In a press release issued today, the FDA has declared that over the counter cough and cold drugs are not safe or effective for children below 2 years of age. The types of cough and cold remedies the release applies to include over the counter decongestants, expectorants, antihistamines, and cough suppressants. The following is a quote from the release:
“The FDA strongly recommends to parents and caregivers that OTC cough and cold medicines not be used for children younger than 2,” said Charles Ganley, M.D., director of the FDA’s Office of Nonprescription Products. “These medicines, which treat symptoms and not the underlying condition, have not been shown to be safe or effective in children under 2.”
In addition, the FDA has an ongoing study into the use of these OTC remedies on children in the 2 to 11 year old range. No recommendations have been made thus far, but the FDA plans to issue a report when the study is complete. The following is a list of recommendations in regarding to this age group:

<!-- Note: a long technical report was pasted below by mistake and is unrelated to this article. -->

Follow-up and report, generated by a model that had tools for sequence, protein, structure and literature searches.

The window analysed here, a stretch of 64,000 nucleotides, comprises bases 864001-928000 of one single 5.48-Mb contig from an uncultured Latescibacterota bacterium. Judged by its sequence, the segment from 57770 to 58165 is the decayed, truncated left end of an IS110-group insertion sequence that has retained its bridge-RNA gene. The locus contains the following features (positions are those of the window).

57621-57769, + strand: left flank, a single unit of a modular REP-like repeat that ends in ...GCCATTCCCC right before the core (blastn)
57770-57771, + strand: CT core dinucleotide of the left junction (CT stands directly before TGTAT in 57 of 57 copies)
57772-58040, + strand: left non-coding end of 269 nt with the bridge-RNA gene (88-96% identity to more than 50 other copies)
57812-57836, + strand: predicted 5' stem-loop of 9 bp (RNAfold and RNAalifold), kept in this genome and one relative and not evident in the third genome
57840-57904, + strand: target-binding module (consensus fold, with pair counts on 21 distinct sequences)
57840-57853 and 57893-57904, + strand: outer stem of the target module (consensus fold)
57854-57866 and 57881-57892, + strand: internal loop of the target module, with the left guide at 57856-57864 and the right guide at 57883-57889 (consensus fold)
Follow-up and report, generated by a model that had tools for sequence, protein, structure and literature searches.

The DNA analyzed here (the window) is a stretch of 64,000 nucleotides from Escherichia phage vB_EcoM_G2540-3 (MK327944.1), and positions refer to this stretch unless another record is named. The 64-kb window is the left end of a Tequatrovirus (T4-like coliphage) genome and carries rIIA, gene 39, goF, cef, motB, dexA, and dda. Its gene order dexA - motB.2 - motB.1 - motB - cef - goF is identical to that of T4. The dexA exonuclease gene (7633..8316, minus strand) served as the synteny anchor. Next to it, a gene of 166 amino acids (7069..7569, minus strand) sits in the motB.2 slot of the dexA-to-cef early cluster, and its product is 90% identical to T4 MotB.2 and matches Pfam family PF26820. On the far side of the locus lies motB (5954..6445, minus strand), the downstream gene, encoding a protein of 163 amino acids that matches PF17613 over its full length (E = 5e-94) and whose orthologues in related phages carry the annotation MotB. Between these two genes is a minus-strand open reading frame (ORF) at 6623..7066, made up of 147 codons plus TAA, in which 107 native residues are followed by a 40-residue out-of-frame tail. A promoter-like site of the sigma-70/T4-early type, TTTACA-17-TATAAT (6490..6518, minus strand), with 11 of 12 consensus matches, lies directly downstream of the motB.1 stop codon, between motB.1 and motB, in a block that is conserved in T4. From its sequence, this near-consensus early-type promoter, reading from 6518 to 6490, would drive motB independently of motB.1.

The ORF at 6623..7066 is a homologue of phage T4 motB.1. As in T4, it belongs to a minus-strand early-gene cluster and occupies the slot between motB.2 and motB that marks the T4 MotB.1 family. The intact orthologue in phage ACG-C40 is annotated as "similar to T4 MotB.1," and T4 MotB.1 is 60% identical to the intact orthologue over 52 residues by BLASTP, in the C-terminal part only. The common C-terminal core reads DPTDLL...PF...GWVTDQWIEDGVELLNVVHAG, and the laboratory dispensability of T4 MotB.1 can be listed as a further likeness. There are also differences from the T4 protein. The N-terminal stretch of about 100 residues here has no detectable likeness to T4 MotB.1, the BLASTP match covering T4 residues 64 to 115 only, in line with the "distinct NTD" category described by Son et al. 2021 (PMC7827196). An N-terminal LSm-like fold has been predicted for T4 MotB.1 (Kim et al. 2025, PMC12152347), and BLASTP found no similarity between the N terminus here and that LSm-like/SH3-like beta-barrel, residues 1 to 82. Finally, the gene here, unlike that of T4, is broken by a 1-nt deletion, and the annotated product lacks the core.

- Follow the dosing directions on the label of any OTC medication,
- Understand that these drugs will NOT cure or shorten the duration of the common cold,
- Check the “Drug Facts” label to learn what active ingredients are in the products because many OTC cough and cold products contain multiple active ingredients, and
- Only use measuring spoons or cups that come with the medicine or those made specially for measuring drugs.
This page is the official Public Health Advisory issued by the FDA on the topic. And this page contains CNN’s coverage of the story.